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Practice makes… an engine stand!

January 23, 2018

There are plenty of articles online talking about how to improve your MIG welding skills (and the ever helpful mig-welding forum) – but at some point they all say something very similar: get a lot of scrap pieces of steel and practice laying down welds over and over…

I definitely need to practice my welding, but I also really want to do something productive with the limited time I have to work on project car! Being frugal I also don’t like wasting perfectly good materials making something that has no use, and I like avoiding paying for things where I can too…

Several months ago I was lucky enough to come across some builders at work who were removing some handrails and banisters, which were mostly made from 50mm box section steel. They were planning to chuck it all in a skip and more than happy for me to take it away to save them the bother, so I have ended up with about 25 yards of steel tube to practice my welding on.

At the same time I realised that I would find it a lot easier to work on my Pinto engine if I had an engine stand and so making my own, rather than buying one, seemed an obvious step. I started searching online for information on the right dimensions and, between the helpful write up I found about making “The Best Engine Stand That Money Can’t Buy” and a few Google Image searches, I had the measurements. It was short work chopping the box section accordingly (although the next project will be to construct a angle grinder bench mount so I can make even shorter work of cutting!). I also needed a few other bits and pieces and, between a local fabrictors perfectly happy to let me have a few short lengths of tubing to make the pivot for the stand for £5, and a heap of other bits and pieces i’ve picked up along the way, I practically had all the parts for free. Getting 16 m8 bolts with washers and nuts to secure the castors was probably the biggest expense!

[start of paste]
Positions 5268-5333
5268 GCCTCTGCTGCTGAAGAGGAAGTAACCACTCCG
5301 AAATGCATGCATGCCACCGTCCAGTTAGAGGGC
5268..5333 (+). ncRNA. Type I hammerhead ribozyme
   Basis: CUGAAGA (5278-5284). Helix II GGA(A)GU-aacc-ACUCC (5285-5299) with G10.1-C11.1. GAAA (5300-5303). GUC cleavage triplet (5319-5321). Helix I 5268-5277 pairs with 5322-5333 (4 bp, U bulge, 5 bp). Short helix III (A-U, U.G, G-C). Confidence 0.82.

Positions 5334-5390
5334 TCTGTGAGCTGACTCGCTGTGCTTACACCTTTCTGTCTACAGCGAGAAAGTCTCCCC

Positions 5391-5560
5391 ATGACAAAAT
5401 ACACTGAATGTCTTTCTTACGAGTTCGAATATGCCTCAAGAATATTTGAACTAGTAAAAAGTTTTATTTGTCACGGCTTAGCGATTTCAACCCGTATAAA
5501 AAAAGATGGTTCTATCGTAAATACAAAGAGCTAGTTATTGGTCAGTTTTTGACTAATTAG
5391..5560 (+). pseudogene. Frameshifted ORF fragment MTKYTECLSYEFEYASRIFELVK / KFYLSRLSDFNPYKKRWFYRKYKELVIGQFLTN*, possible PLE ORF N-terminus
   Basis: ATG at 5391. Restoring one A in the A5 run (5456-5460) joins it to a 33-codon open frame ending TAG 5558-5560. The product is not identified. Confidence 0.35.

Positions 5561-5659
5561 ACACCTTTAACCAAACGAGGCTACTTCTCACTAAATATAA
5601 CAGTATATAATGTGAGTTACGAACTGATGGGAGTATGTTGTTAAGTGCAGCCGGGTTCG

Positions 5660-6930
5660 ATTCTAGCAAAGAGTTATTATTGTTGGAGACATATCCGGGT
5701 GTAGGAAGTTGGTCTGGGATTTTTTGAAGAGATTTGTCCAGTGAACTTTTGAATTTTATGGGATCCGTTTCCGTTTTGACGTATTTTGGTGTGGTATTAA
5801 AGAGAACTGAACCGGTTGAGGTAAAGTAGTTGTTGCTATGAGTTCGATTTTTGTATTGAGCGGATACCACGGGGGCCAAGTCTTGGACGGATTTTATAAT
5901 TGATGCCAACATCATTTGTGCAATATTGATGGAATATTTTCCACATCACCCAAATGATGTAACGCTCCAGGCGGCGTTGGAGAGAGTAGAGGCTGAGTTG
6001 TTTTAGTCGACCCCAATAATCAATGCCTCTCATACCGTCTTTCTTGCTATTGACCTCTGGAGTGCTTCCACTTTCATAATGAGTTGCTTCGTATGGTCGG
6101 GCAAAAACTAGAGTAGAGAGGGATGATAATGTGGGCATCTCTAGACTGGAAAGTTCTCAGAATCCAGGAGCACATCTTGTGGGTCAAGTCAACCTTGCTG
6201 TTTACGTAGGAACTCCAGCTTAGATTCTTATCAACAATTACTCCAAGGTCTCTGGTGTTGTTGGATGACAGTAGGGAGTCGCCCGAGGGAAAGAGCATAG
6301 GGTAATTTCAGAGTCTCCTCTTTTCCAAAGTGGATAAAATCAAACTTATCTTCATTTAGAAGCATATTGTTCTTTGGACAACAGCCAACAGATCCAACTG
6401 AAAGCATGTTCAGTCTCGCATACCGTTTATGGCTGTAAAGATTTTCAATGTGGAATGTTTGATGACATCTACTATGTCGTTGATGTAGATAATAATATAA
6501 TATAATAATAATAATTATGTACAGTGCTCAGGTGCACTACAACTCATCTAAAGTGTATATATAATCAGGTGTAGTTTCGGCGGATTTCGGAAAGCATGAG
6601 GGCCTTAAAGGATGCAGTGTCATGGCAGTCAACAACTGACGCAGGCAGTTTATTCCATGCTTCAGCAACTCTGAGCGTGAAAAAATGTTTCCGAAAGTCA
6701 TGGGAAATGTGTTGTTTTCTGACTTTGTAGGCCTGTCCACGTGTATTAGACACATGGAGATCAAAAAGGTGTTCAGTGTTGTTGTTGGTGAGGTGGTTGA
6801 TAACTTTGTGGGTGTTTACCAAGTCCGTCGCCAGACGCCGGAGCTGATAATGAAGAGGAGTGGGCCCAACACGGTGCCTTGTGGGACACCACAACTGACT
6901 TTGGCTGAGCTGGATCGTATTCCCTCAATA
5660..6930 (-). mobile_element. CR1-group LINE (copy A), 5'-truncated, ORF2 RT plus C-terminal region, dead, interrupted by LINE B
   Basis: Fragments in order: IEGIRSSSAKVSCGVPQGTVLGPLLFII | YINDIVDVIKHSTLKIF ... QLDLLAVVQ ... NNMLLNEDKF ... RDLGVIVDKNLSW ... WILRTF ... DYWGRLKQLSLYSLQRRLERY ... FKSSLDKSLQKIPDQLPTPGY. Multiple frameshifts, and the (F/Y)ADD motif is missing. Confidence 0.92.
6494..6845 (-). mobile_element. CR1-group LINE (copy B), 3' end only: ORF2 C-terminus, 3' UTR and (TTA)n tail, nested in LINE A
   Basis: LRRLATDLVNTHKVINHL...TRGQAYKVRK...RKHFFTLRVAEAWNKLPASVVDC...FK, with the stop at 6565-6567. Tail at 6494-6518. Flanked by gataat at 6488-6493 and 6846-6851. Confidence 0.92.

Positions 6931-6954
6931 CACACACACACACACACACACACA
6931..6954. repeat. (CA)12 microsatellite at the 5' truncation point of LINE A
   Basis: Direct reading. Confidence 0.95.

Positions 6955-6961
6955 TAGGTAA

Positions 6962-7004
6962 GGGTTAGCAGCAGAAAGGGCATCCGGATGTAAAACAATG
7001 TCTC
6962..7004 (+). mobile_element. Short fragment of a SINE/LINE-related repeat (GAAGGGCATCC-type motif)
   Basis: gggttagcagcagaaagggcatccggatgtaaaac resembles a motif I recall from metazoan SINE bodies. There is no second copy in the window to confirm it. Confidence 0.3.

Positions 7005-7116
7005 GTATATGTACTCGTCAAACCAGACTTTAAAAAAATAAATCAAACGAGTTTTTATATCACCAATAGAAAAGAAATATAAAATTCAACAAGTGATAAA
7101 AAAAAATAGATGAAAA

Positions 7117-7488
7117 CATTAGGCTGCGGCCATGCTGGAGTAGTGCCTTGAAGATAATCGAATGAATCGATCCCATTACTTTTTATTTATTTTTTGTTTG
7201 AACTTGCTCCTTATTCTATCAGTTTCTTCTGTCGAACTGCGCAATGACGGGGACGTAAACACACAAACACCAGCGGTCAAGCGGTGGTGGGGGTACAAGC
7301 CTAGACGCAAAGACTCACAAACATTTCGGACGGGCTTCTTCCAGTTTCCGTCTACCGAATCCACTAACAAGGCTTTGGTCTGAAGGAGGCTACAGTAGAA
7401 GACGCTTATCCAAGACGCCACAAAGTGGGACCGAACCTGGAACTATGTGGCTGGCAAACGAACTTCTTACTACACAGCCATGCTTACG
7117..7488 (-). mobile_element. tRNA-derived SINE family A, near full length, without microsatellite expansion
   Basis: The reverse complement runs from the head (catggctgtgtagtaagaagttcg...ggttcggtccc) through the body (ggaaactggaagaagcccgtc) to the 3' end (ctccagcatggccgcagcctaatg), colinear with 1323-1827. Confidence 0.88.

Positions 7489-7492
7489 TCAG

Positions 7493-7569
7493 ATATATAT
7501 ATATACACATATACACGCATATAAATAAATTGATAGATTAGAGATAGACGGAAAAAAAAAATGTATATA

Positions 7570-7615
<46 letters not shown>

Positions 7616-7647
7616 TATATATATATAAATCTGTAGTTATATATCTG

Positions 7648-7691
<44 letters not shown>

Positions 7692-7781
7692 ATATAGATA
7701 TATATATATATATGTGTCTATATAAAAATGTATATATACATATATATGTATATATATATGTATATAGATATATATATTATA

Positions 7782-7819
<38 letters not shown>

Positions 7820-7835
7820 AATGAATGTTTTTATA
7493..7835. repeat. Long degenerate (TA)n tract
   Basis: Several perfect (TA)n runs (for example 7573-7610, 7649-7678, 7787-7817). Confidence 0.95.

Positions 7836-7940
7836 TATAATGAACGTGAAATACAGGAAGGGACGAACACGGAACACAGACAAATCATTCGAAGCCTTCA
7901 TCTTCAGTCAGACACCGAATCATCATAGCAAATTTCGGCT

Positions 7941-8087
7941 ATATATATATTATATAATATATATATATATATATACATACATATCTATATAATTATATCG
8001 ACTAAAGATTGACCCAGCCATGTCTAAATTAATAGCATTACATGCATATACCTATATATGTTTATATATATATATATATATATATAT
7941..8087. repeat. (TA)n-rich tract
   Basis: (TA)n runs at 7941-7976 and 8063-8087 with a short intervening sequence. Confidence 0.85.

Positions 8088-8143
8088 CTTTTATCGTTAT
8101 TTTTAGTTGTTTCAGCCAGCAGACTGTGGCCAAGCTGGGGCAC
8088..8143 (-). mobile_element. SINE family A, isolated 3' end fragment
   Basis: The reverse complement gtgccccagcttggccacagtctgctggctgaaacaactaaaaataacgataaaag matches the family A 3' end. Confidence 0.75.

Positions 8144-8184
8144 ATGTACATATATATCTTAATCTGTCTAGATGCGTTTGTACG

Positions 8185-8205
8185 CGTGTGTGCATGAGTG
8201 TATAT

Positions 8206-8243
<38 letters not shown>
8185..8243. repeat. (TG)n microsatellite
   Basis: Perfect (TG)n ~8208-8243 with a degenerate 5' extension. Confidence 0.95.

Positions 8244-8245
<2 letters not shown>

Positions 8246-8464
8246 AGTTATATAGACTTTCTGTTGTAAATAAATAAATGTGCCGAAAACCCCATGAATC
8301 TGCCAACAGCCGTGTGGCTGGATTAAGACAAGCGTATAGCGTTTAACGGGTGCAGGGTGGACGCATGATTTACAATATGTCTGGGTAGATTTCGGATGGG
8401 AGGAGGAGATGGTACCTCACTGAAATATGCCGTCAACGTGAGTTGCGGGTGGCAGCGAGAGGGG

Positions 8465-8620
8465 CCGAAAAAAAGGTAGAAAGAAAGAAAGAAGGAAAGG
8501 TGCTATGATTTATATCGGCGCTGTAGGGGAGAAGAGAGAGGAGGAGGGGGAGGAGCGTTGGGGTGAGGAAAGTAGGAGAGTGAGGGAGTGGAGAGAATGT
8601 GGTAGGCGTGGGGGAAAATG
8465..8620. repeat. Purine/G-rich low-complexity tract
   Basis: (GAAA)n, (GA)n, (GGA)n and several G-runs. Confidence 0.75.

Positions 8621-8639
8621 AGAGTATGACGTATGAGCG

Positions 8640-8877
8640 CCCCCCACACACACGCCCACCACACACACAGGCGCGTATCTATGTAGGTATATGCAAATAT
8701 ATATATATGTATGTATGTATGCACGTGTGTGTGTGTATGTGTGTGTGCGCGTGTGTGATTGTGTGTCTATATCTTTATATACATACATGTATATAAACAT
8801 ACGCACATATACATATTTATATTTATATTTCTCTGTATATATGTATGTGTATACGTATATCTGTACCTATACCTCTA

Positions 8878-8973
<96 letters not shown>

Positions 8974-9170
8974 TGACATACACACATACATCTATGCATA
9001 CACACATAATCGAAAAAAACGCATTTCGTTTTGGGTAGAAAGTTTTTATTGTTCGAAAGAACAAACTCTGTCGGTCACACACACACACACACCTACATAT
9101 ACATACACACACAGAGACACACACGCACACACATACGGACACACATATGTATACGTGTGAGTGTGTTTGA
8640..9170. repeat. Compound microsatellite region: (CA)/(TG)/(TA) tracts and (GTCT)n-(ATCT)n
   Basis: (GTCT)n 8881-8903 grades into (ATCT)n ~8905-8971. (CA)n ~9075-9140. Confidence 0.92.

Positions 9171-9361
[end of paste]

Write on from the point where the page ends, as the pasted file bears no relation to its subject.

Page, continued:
For such a simple thing to construct, this little project has given me a LOT of welds to practice on. I’ve watched a good few Youtube tutorials but nothing beats having a go, over and over again, trying out different torch position, power settings, wire speed, etc. Some of the welds definitely look better than others, but only practice (and ideally doing all this much more regularly!) will make perfect. Once again, the no-rent Hobbyweld arrangement has turned out just right for my situation, as i’ve only managed a handful of days playing with the welder in the last year thanks to the demands of two small children. But it’s immensely satisfying to know I turned a pile of scrap into a solid tool for the workshop!


From → Building

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